Food and MS: Tips for Cooking

Vicki Health Guide
  • This article is part of a series; for the rest of the series, visit Food and MS.


    Your kitchen is ready, you have the kitchen gadgets you need and it's time to cook. People with MS may have limitations that interfere with the ability to cook. Problems with balance, weakness and especially fatigue account for a reduction in activities like cooking. Even with limitations, if you think you can do it, maybe you can.

    Here are some tips for getting ready when the MS cook is hesitant:

    MS in our lives often leads to a need to simplify, especially because we no longer have time or energy for complications. When we are talking about food, simplify begins with what we eat. Diets may change to cater more to symptom management. Portions may shrink to offset reduced activity. Problems handling utensils, chewing and swallowing make simpler eating a necessity.

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    Plan and Prepare
    Plan what to cook and eat and how much time it will probably take. If you are comfortable working within your limitations, you can cook every day.
    If not, schedule cooking on days that are not too busy and cook a few meals at a time.

    Determine if you need help and what kind. It is better to err on the side of asking for help rather than deciding to do it yourself and then finding help is necessary. One of the hardest things for us to do is accept help, and it is even harder to ask for it. Remember, people who love you want to help.

    If you are planning a special meal, make some of it in advance. Your refrigerator or freezer is a great tool for fancy meals in a simple way by storing prepared ingredients and side dishes. Take your time and plan ahead, including time to take a break and rest.

    Relax and Smile
    When you relax, making dinner is easier and you will enjoy both the cooking and the eating. It may even be fun! If dinner is late, it's okay. The family will understand and may offer help.

    Conserve energy
    Start off fresh and energetic, perhaps after an afternoon nap. Sit down if you need to. There are times you can take a break during preparation without messing up the final meal.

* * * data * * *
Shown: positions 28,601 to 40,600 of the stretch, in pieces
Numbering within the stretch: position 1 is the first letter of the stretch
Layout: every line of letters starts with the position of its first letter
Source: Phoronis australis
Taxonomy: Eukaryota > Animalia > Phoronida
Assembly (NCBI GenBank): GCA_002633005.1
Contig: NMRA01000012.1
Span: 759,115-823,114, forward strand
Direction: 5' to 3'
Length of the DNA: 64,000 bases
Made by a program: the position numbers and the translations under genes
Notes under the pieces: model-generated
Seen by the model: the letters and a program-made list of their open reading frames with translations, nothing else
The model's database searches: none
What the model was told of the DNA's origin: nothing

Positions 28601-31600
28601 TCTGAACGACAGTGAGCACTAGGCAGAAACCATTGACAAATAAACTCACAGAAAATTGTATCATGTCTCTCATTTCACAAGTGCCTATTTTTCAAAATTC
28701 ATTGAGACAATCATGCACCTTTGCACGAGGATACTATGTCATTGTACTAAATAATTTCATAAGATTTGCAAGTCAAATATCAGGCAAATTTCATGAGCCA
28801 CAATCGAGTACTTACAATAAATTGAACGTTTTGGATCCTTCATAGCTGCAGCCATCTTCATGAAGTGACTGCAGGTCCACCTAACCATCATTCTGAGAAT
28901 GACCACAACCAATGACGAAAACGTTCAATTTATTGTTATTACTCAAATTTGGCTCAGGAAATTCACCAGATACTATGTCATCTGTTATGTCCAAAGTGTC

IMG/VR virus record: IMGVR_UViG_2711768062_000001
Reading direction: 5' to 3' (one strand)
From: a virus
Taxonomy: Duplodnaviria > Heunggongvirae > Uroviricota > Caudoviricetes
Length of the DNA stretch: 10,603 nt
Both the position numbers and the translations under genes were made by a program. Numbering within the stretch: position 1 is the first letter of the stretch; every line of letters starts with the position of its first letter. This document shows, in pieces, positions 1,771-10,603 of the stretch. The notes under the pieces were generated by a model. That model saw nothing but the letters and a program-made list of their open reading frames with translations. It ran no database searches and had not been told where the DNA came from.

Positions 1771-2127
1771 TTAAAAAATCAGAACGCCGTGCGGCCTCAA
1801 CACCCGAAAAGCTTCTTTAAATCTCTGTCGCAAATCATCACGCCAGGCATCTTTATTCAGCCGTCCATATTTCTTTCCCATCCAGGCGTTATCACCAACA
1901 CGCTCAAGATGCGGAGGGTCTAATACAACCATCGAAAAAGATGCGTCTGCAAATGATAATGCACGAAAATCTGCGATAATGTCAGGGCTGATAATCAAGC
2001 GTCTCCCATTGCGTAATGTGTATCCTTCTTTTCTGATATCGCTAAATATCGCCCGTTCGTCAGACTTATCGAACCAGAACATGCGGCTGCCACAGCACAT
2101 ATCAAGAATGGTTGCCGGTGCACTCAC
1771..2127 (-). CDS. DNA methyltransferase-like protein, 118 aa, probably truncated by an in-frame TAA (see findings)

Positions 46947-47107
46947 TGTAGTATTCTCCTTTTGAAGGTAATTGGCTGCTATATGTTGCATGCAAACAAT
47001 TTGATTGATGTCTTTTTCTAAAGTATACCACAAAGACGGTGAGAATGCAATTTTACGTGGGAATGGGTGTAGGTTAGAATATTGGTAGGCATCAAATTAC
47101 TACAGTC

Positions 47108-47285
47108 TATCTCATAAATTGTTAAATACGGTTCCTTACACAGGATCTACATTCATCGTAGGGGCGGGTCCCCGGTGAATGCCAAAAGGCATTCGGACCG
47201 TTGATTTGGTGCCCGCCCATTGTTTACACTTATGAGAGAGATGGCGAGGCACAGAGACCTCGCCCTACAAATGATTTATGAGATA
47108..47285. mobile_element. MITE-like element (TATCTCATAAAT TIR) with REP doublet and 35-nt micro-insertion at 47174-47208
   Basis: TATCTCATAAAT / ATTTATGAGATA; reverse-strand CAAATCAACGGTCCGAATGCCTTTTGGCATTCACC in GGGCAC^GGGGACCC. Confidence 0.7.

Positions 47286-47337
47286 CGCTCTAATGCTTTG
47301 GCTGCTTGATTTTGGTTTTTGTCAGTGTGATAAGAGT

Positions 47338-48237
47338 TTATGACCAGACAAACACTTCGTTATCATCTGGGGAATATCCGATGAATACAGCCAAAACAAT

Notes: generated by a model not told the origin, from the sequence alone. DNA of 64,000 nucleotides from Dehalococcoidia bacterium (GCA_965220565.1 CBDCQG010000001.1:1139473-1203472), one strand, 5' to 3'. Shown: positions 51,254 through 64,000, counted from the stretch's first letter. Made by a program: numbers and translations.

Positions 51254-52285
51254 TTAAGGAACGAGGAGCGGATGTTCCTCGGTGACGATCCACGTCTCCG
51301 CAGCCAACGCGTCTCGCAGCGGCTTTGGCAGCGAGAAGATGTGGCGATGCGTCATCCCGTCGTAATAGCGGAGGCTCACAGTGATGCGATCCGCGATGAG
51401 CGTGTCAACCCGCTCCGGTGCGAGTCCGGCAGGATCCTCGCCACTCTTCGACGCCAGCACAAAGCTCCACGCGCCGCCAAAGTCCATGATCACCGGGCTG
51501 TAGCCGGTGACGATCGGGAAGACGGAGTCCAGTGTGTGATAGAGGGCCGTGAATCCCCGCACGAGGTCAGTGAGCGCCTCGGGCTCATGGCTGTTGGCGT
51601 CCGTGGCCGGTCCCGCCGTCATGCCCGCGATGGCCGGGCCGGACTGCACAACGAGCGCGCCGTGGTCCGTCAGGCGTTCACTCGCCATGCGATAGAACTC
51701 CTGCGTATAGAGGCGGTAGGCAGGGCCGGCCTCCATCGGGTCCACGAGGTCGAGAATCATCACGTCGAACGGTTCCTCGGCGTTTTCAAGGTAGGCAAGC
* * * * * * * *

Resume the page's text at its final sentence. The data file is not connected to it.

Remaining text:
Cook leftover amounts
    Feel good enough to cook? Cook extra for times when you don't. Make and save enough for a "homemade frozen meal," or begin building a smörgåsbord
    buffet of various leftovers. Take advantage of leftovers by serving a second meal or reworking them into another dish. This is planning for those days when the fatigue takes over or a symptom is developing and preparing dinner is just too much.

    Get help cutting
    Enlist a friend or helper, use handy cutting tools, or purchase "pre-cut" food. If you do a lot with cubed or diced meat or vegetables, keep some in small containers or storage bags. It will be easy to take out ingredients ready to use and save the time and effort needed to prepare them.

    Pay attention to nutrition
    You can still keep yourself as healthy as possible by paying attention to proper nutrition. Eat well and feel well.

    Set up cooking flow
    Set up ingredients, cooking utensils, and even cleaning areas to reduce extra movement. An efficient set up leads to an efficient process. Cooking is easier, the cook uses minimal energy, and the meal is quickly prepared.

  • Get ingredients ready

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    Before starting to prepare the meal, prepare the ingredients. All ingredients can be cut and stored until needed. Jars, cans, boxes and bags can be opened and all measurements can be made before the cooking begins. Again, this makes the job easier and saves energy for the cook.

    Measure once!
    How many times have you heard "measure twice, cut once?" This is not construction so that rule does not apply. Measure everything that needs it at one time.
    Start early enough with all of your measured ingredients. If everything is ready, your meal is practically done. The preparation method is simplified, saving time and energy.

    Try something new

    New dishes, ingredients, cooking methods and recipes are all worth consideration. Trying new tastes and new methods can be fun and adventurous. Give it a try and you may come up with a fantastic new recipe.

    Consider pre-packaged or frozen items

    Use frozen meals packed as they are or add ingredients for your own flair. F
    rozen dinners have greatly improved since Swanson's 1953 effort. Frozen ingredients can be easily steamed in the microwave. There is surprising variety in product quality and price.

    My goal is preparation in 30 minutes or less, and that is without rushing. Of course, there are exceptions for special occasions. You and your health are more important than any particular meal, so do not hesitate if you have to take a break and try again tomorrow. I may have said it more than I have to, but it is important to take care of yourself and rest.

    Next I will talk about shopping and then about what is good for MSers to eat.

    Notes and Links:

    Cooking with Arthritis - many of us can benefit from these tips

Published On: January 27, 2010